Bargnani has played as well as anyone could have expected, but his overall impact on the team both on and off the court has been negative, so it's difficult to place him any higher in these rankings.
7. Iman Shumpert
We've reached the point in Iman Shumpert's career where raw talent and athleticism need to be converted into consistent production, but instead we've seen his confidence falter as his play continues to decline from his rookie season.
It's really not his fault. He's missed a lot of important basketball early in his career and is in a particularly bad situation for an unrefined young player, with trade threats coming down from ownership and no real playmakers around him on offense.
Shumpert is the type of player who can only function offensively playing off others—thriving off spot-up jumpers and backdoor cuts—so his game has suffered as a direct result of the Knicks' lack of consistent point guard play.
Defensively, though, he has also failed to live up to his tag as a one-on-one stopper, and the blame for that falls on his shoulders. He certainly has the skill but continues to make basic mistakes that need to be ironed to reach his All-Defensive Team potential.
The future may still be bright for Shumpert with Phil Jackson (who has previously worked with the two greatest shooting guards of all time, Michael Jordan and Kobe Bryant) at the helm, but there's no denying that these have been a bad few months for him.
6. J.R. Smith
All things considered, J.R. Smith has been the Knicks' biggest disappointment this season after inking his new contract, but he does deserve some credit for improving his play these last two months.
Though there's no excuse for poor shot selection, suspensions and immaturity, it must be remembered that he came into the season off an injury, which contributed to his poor play early on.
On the year in its entirety, he is averaging 13.3 points on less than 40 percent shooting, but he has upped those numbers to 15.9 points on 47 percent shooting in March, despite playing with a mask.
Smith is one of the main culprits for the Knicks' poor record but has also been one of the key contributors in the turnaround, which confirms what we thought about him going into the season—that he is the team's biggest X-factor.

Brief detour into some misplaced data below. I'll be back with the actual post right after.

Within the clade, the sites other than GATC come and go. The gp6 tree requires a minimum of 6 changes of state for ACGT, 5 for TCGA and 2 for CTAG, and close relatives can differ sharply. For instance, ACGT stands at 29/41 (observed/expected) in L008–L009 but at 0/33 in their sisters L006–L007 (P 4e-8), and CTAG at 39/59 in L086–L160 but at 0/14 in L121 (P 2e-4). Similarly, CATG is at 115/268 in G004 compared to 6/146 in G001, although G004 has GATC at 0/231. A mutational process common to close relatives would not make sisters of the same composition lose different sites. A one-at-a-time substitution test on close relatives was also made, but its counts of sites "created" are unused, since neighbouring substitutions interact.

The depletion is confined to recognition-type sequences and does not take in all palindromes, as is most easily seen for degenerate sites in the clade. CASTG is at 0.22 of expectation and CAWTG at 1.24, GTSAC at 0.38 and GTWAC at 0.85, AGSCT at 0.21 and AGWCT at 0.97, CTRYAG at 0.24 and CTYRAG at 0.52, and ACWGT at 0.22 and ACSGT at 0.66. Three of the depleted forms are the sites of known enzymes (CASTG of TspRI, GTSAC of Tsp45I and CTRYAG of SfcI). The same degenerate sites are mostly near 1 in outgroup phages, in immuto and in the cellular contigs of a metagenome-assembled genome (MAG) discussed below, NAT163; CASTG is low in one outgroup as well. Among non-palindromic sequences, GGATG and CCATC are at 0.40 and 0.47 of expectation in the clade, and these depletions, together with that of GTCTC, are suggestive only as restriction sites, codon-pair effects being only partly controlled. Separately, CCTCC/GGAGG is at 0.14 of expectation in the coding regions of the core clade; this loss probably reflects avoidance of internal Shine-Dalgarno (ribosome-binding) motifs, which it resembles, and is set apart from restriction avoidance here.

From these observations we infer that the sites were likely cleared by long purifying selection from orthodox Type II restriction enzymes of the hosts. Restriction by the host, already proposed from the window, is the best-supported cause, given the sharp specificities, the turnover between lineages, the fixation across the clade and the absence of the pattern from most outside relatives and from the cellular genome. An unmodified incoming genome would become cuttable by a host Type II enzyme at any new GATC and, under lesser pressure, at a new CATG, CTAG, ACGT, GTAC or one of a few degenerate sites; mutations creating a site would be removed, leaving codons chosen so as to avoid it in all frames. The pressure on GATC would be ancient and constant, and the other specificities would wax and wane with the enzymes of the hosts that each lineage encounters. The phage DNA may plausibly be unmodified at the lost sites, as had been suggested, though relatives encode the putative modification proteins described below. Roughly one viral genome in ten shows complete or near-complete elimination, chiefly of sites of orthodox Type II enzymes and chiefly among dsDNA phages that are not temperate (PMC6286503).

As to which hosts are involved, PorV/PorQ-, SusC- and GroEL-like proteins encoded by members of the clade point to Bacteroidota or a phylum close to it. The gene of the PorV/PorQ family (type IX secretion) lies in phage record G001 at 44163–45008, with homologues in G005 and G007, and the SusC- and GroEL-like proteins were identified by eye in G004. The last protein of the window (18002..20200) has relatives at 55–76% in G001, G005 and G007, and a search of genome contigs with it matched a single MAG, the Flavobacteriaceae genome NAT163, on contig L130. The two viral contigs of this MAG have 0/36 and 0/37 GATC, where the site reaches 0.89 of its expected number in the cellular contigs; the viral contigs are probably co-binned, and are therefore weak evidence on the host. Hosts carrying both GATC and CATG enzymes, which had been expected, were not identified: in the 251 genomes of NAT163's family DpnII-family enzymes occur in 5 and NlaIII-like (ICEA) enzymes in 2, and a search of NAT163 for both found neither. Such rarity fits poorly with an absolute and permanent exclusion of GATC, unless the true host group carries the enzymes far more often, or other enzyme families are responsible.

Early in the season, New York was probably regretting its investment in Smith, but he if he can carry this play forward now that his knees are healthy, it could turn out to be a smart signing.
5. Pablo Prigioni
An old, unathletic player like Pablo Prigioni can only contribute so much to a team, but he's done his part this season, while others have done less with more.
He is one of the few Knicks who values ball movement over isolation play, which has made him one of the team's most effective passers and efficient shooters.
Though his basic stats won't blow you away, he leads the Knicks with a 129 offensive rating and ranks third with 2.9 win shares on the season, per Basketball-Reference, indicating that he makes those around him better when he's on the floor.
It's curious that Mike Woodson hasn't given him more burn with Raymond Felton failing to produce, but in the minutes he has played, there's no doubt that Prigioni has been one of the team's best players in terms of effort and decision making.
Prigioni does occasionally take his pass-first mentality too far when he gives up on open jumpers, but it would be much less of an issue if those he created for knocked down the open jumpers that he gives them.
Overall, though, he's been one of the Knicks' most consistent and well-rounded players, doing his part on both ends and playing with a high basketball IQ.
4. Tyson Chandler
After earning Defensive Player of the Year and All-Defensive honors in his first two seasons in New York, Tyson Chandler is having his worst season since joining the franchise.
Injuries have held him back more than usual this season, to the point where he'll likely end the year having played less games than he has since his season with the Charlotte Bobcats.